I cannot fix this. I have no power over OHSU billing process or UHC’s claims process. In the last months of my life, I am spending many hours on the telephone pursuing this matter which apparently cannot be resolved from either end, resulting in me being held responsible for out of network charges.

While the amount in question is small, and I am by no means destitute, I should not have to pay this. I am covered by an employer sponsored plan, my oncologist is in network on my insurance policy; that should be the end of it. And the process has frustrated me sufficiently to make me want to continue to maintain the principled stance I have already taken.

As of today, I have opened complaints with the Oregon attorney general’s consumer protection division, and the Oregon insurance division. I’m not sure either of these is going to have any effect. I was hoping you might be able to direct me to a suitable path of management escalation within the OHSU organization, either in your capacity as a physician who has practiced there, or in your capacity as a state senator.

I can provide call logs documenting every conversation with OHSU, along with billing records from OHSU and claims management documents from UHC, as needed.

Thank you.

The basic problem is, of course, no one in authority at either OHSU or UHC has any particular motivation to fix this. The problem just goes around in circles at low levels and keeps getting referred back to me.

This is precisely what is wrong with our current healthcare finance system. The Affordable Care Act (Obamacare) only does a very partial job of fixing these kinds of problems. Civilized, humane societies with single payer systems don’t create this kind of hassle and heartbreak for their sick and dying. I’m a pretty articulate guy with good social and professional resources, and this is a small piece of billing. Imagine my position if the billing were substantial, one of my $100,000 surgeries, or if I were confused and baffled by paperwork and unable to untangle the repeat billing trails.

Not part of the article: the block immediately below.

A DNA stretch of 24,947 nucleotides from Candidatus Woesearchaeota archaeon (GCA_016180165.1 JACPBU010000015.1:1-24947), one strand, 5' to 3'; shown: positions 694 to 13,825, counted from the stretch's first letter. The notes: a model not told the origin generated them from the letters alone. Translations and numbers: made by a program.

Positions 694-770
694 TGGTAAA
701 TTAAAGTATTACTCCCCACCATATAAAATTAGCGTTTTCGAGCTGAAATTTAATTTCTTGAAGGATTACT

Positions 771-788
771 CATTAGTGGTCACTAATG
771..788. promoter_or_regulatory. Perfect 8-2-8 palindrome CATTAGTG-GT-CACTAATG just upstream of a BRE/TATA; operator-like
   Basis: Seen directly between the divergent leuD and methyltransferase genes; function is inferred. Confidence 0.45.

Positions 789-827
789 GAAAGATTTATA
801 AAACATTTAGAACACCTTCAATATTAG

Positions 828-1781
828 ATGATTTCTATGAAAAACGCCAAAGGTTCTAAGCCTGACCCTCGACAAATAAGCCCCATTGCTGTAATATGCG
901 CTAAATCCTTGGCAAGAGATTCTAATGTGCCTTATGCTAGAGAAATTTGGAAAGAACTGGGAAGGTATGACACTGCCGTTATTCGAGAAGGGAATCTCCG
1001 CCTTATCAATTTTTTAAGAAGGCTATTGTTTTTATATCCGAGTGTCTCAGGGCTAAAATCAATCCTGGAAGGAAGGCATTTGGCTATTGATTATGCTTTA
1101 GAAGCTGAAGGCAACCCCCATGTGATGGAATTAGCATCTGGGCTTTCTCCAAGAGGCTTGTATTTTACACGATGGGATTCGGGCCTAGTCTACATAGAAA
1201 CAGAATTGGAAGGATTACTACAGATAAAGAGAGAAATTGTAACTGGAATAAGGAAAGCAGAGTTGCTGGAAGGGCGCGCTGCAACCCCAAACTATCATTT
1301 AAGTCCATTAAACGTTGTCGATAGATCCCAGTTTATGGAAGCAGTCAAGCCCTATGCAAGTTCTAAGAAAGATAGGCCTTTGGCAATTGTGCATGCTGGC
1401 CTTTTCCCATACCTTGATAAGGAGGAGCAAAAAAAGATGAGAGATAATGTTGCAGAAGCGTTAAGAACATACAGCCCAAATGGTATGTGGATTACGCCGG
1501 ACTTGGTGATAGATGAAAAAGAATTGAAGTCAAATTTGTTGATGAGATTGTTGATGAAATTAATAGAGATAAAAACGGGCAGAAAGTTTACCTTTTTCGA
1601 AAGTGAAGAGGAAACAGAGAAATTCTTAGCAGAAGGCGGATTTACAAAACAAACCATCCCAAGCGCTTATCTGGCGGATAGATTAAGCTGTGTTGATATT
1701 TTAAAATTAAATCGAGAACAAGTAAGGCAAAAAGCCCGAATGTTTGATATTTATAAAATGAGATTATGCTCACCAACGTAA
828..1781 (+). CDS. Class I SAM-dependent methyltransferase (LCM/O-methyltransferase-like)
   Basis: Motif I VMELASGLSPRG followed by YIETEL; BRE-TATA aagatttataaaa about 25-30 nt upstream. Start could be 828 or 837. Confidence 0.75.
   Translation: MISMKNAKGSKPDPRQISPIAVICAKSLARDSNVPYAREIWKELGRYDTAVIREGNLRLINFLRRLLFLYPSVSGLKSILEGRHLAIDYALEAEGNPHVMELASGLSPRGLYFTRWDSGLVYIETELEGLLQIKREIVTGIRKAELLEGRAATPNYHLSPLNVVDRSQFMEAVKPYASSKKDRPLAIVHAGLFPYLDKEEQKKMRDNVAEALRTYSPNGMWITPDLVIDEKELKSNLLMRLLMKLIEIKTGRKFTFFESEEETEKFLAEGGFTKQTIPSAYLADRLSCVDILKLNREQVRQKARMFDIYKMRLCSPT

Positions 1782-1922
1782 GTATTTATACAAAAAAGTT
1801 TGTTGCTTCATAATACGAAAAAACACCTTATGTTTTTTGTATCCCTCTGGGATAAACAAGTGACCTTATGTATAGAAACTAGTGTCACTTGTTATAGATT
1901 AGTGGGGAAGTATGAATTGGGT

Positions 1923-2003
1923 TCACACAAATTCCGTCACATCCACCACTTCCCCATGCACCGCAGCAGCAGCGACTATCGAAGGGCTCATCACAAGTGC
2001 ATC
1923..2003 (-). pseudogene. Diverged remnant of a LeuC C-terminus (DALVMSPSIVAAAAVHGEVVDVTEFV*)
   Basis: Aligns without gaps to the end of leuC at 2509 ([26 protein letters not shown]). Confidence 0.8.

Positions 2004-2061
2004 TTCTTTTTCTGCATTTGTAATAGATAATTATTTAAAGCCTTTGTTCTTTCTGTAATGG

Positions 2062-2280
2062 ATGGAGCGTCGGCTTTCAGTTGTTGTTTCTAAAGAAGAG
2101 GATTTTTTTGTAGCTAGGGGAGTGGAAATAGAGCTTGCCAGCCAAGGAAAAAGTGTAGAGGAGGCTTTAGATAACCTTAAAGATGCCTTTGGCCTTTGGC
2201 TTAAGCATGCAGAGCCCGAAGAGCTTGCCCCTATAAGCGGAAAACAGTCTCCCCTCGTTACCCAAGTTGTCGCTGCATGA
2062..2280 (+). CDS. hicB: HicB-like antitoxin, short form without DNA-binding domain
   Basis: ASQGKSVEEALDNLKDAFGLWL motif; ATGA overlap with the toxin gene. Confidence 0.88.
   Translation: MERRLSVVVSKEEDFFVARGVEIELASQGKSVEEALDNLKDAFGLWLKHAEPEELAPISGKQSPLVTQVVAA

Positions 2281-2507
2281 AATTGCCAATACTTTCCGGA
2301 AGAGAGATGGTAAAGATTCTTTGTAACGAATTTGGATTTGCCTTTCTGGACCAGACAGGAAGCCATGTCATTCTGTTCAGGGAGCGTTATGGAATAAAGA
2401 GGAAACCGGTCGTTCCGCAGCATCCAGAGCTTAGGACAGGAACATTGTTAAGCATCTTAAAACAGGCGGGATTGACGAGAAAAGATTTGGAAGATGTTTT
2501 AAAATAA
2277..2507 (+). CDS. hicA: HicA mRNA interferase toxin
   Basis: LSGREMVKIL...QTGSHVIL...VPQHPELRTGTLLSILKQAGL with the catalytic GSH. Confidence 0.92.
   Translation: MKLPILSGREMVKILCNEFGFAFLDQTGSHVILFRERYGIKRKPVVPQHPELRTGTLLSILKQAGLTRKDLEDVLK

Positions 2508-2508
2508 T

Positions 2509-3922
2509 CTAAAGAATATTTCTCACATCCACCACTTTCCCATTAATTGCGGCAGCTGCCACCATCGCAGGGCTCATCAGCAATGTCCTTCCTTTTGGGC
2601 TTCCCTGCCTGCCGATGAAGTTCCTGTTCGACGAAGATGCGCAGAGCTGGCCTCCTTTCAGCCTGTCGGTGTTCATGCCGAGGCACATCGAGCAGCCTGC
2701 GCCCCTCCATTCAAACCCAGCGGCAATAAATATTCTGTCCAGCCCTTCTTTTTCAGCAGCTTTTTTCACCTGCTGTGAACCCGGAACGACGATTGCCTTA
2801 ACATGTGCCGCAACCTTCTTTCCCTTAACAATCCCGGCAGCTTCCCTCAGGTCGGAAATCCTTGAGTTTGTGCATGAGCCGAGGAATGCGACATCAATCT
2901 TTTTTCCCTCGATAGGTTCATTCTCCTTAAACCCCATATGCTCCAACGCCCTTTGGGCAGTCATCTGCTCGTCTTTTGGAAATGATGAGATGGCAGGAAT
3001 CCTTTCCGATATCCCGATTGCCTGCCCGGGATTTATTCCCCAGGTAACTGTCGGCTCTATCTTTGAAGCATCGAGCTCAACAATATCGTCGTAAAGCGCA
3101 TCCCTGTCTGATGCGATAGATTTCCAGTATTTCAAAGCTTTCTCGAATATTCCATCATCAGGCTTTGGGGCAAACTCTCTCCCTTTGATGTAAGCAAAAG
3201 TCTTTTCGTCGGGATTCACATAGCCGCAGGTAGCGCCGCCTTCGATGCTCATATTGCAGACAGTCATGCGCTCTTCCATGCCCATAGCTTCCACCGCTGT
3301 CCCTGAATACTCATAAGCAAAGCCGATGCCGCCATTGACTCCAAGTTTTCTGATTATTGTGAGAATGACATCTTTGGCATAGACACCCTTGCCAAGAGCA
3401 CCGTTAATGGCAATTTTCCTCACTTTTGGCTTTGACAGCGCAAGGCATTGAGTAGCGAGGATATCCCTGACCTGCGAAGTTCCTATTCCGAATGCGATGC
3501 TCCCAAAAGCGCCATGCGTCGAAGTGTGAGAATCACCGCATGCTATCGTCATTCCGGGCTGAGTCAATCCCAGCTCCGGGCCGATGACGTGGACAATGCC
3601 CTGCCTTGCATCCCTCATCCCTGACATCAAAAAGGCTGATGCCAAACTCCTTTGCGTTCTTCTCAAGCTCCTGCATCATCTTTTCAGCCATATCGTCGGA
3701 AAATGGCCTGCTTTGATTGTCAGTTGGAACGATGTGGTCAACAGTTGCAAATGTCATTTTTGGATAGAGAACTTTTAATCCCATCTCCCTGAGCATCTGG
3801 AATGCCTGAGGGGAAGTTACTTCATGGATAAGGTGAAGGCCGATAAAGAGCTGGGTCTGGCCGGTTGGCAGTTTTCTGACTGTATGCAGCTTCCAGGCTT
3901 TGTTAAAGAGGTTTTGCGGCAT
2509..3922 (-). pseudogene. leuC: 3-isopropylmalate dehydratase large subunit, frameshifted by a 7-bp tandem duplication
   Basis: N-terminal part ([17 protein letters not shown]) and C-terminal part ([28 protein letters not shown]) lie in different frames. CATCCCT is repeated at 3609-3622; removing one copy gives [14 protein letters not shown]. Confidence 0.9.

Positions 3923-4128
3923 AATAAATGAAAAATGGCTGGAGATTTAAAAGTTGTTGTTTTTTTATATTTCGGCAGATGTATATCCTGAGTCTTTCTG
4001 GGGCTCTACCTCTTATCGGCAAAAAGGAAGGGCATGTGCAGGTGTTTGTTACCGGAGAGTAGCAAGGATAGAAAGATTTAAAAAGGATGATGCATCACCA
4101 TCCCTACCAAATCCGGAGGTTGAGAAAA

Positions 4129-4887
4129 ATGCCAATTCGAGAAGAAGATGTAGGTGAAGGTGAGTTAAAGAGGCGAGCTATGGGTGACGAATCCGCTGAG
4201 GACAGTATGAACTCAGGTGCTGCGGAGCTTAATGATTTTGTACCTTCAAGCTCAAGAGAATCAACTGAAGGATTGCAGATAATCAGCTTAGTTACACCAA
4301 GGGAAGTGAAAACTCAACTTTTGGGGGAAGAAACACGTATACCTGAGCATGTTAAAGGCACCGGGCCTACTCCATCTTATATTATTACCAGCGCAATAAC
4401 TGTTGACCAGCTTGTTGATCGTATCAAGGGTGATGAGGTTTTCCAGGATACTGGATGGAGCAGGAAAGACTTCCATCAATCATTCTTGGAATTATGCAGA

This is wrong. I wish the conservatives in this country who have opposed the process of healthcare reform were capable of the kind of empathy and understanding that lets them see past their ideological blinders to the hard reality of the system they so blithely support. And I fervently hope for their sakes that they never have to go through what I am going through. Self-evidently, their suffering means a great deal more to me than mine means to them.

30 thoughts on “[cancer] A LOT more on that billing problem

  1. Deven says:

    This kind of mess is altogether too common. I had a similar situation about seven years ago. I only got it resolved when I set up a face-to-face appointment with the hospital billing manager, and once there refused to leave until the billing manager called my insurance carrier in my presence. In my case it was a typographical error in a name that caused the whirling vortex of stupid. Luckily I was healthy and could afford to take the day off to sit in an office being politely insistent.
    I hope your letters work.

  2. Suzanne says:

    I had a billing/insurance stupidity like that several years back, and what I ended up doing was getting a conference call going with parties on both sides and let them argue it out with each other in my presence. Maybe something like that would help? *sending you best wishes*

  3. Rachel Sinclair says: